11. New Orleans: Chris Olave
12. Detroit: Jameson Williams
13. Houston: Kyle Hamilton [assuming worst case scenario for the eagles here]
14. Baltimore: Jordan Davis [acknowledging there's a reason roseman jumped the ravens]
15. Philadelphia: Trent McDuffie [the only guy to take now that the top 4 receivers are off the board]
16. Washington: Jahan Dotson
17. LA Chargers: Zion Johnson [assuming they had zion ranked ahead of kenyon]
18. Kansas City: Kaiir Elam [assuming the chiefs were committed to a corner and had elam ranked close to mcduffie; a trade down with buffalo was probably feasible as well]
19. New Orleans: Trevor Penning
20. Pittsburgh: Kenny Pickett
21. New England: Kenyon Green [a much more sensible pick than cole strange]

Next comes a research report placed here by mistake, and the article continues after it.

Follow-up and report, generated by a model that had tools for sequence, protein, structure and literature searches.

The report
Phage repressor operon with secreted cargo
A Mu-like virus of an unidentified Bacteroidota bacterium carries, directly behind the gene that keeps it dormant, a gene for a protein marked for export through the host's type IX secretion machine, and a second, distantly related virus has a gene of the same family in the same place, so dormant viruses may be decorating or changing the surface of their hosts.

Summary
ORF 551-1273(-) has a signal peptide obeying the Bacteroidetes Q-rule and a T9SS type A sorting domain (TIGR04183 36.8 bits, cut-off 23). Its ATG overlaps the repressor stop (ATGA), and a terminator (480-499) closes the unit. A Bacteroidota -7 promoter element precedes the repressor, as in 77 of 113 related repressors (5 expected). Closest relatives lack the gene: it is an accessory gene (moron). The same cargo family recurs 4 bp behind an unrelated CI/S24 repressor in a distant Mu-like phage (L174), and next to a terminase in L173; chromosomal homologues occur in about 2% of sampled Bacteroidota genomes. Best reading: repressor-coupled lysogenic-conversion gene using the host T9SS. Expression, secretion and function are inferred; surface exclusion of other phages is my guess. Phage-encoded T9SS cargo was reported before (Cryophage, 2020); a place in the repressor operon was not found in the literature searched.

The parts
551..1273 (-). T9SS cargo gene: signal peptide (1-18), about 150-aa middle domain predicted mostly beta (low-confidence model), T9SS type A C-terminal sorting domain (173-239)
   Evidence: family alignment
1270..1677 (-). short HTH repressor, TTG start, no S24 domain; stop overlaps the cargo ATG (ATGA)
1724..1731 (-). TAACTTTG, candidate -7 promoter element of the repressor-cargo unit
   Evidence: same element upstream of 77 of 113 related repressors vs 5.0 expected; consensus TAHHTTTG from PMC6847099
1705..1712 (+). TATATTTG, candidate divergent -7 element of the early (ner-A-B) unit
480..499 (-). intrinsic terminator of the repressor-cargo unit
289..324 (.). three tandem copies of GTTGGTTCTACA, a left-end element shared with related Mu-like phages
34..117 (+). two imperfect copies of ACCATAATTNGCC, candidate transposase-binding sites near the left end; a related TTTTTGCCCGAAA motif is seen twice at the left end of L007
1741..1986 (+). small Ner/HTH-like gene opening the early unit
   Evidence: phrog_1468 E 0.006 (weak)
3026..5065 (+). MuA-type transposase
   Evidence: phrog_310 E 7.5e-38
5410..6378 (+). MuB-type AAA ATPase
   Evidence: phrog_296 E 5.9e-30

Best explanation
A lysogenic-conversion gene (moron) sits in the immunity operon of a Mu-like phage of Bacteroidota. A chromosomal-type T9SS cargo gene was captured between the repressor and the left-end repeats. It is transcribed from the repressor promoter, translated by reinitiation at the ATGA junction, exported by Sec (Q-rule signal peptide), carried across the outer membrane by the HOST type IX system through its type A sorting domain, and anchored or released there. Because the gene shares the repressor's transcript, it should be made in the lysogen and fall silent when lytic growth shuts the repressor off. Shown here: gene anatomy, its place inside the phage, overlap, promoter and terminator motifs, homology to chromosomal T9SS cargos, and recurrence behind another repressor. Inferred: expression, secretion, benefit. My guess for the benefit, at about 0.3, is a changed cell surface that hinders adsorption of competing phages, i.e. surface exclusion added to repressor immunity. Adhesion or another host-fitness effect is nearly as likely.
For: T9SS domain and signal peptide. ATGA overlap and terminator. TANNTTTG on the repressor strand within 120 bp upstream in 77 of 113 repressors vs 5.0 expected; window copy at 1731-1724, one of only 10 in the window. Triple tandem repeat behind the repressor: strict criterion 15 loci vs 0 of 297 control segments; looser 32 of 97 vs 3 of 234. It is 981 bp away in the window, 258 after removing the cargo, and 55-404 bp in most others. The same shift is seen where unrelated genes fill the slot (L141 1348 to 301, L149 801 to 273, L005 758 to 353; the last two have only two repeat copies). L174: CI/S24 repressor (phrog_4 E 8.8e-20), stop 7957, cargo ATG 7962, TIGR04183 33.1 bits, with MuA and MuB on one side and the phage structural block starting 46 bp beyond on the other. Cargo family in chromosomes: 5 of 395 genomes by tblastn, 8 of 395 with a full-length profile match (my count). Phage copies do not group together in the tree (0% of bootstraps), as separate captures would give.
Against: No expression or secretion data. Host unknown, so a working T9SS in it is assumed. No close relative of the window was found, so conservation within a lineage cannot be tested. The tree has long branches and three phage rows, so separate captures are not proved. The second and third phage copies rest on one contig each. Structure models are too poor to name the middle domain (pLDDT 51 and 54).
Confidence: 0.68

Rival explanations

22. Green Bay: Treylon Burks [already a much better 1st round for green bay now]
23. Baltimore: Tyler Linderbaum
24. Dallas: Tyler Smith
25. Buffalo: Andrew Booth, Jr.
26. NY Jets: Jermaine Johnson
27. Jacksonville: Devin Lloyd
28. Green Bay: Quay Walker [assuming they still would have prioritized walker over wyatt]
29. Philadelphia: Nakobe Dean [plus picks 94, 121, and a 2023 4th rounder from kansas city]
30. Kansas City: George Karlaftis
31. Cincinnati: Daxton Hill
32. Minnesota: Lewis Cine

as a result of the eagles sticking at 15 and trading down from 18, devonte wyatt and cole strange fall out of round 1, while nakobe dean and andrew booth move into the first round.